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Design Education (Vol30 No1)

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Design Education

 

The goal of this issue is to learn more about what is going on in design education of all types and at all levels. Design as a profession is and has been in the midst of tremendous change.

Twenty years ago, designers were longing to learn the language of business. They were pushing for more business education for themselves, so they could get “a seat at the table.” Now, we are seeing a desire on the part of business and engineering programs to include design education under the umbrella of “design thinking.”

University design education, with a few exceptions, is struggling to keep pace with the change around them. Are they underfunded? Or are they not close enough to the business and technical community to be able to continuously update educational programs to keep pace with change?

Design education is asking, Where do we go? How do you train designer students in four or five years for a world that will likely be drastically different from the one they began with?

There has been a dramatic increase in some parts of the world in masters and doctorate design programs. Should more investment be made into these programs? Does it matter where these programs are housed? In design departments? In business departments? Shared?

On the bright side, graduating design students today have many more career options available to them than they once had. They can get traditional jobs that allow them to practice their craft; but they can also work in design operations, strategy, or entrepreneurship. They can aspire to management. Even progressive elementary and secondary education programs are expanding what they teach, adopting design thinking, empathy, and social design, as exemplified by Rochester, NY’s Harley School.


Should design schools maintain themselves as separate functions? Will they be dwarfed by other disciplines? We need to prototype and continuously iterate the design education experience—just as we have been taught as designers.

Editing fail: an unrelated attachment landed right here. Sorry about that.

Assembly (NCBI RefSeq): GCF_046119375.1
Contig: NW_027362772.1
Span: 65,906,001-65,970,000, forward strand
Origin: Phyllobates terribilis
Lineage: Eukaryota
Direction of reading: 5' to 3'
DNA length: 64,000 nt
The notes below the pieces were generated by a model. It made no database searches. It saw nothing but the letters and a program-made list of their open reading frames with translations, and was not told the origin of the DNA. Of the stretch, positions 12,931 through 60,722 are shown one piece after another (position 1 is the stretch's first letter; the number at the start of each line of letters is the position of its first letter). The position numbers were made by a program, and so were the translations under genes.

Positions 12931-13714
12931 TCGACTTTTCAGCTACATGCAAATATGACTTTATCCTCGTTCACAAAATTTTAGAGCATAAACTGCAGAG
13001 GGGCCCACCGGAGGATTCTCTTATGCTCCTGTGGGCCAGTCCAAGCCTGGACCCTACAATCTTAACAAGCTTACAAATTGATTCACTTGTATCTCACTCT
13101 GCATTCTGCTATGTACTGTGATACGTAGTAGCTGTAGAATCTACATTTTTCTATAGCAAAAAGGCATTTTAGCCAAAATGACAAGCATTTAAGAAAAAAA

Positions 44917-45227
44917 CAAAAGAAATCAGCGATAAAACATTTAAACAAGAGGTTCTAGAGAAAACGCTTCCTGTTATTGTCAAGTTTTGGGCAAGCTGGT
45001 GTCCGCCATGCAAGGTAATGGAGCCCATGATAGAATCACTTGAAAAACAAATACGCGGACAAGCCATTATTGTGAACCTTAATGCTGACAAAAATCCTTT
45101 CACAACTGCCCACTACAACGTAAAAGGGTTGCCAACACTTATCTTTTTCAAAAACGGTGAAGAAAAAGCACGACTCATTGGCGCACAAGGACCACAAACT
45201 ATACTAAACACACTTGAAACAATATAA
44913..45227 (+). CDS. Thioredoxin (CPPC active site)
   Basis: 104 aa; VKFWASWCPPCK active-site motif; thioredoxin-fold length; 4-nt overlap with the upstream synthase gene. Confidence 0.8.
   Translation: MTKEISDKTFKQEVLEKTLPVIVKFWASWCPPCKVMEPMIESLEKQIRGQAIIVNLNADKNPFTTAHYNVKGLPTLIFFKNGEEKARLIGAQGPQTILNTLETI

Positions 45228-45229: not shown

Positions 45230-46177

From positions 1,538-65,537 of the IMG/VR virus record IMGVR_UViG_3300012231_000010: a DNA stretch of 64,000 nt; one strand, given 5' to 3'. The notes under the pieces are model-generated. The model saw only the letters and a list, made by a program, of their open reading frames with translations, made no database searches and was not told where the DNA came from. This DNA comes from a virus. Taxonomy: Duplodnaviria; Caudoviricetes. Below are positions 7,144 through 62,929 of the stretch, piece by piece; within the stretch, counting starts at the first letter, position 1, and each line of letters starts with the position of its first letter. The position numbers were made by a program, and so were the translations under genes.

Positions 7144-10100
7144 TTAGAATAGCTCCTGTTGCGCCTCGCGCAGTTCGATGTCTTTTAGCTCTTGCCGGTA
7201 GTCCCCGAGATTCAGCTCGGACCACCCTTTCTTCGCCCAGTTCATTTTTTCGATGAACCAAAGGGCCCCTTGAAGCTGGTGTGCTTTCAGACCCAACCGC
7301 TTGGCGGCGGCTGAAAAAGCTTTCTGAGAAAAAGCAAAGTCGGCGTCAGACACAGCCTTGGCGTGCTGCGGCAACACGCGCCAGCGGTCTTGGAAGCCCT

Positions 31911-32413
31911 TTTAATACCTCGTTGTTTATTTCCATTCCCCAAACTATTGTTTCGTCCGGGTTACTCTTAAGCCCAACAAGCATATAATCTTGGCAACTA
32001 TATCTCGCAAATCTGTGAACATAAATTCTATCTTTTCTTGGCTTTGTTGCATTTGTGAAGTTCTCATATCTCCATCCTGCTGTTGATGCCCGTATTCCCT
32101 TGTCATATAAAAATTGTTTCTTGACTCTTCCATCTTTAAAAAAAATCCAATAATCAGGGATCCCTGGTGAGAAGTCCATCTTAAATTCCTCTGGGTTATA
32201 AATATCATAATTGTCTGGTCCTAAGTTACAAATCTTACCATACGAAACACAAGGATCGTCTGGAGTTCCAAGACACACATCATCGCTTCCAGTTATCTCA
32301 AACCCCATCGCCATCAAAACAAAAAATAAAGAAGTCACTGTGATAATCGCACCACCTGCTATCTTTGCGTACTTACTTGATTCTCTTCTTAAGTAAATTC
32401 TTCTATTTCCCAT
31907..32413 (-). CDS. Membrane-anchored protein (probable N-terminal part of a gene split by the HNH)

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Issue Information


President's Letter
Carole Bilson, President, DMI

 
Design, Didacticism, and the Dignity of People
Nico Macdonald, Business & Innovation Teacher, Ravensbourne University
London, and Visiting Fellow and Tutor at London South Bank University’s School of Arts and Creative Industries

 

The Rise of Design Dyslexia and How to Overcome It
JiaYing Chew, Design Strategist + Education Designer; Miikka J. Lehtonen, Visiting Assistant Professor, Aalto University; and Katharina S. Schilli, PhD Student, University of Turku

 

On the Playground: Enabling Creativity and Risk Taking; What Would Nature Do? Biomimicry and Problem-Solving
Beth Bailey, Marketing and Communications Director, Harley School; Terry Fonda Smith, Head, Harley Lower School; Jeff Lindstrom, Creative Director, Bienenstock Natural Playgrounds; and Betsy Vinton, Science Department Co-Chair and Upper School Mathematics and Science Teacher, Harley School


Observations on the State of Design Education: Past, Present, Future
Craig Vogel, Associate Dean for the University of Cincinnati’s College of Design, Architecture, Art, and Planning (DAAP) and Executive Director of the University of Cincinnati’s Digital Media Collaborative; Xi (Cecilia) Wang, Postdoctoral Scholar at the University of Cincinnati School of Design, Architecture, Art, and Planning (DAAP)

 

The Future of Design Education
Lorraine Justice, Dean Emerita, College of Immaging Arts and Sciences, Rochester Institute of Technology


Strategic Design or Design Strategy? Effectively Positioning Designers as Strategists
Travis J. Brown, Senior Executive Assistant Dean, Indiana University’s School of Informatics, Computing & Engineering


Client-based project work as experiential education
Jessica Jacobs, Assistant Professor, Business & Entrepreneurship Department, at Columbia College, Chicago



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9/15/2019 » 9/17/2019
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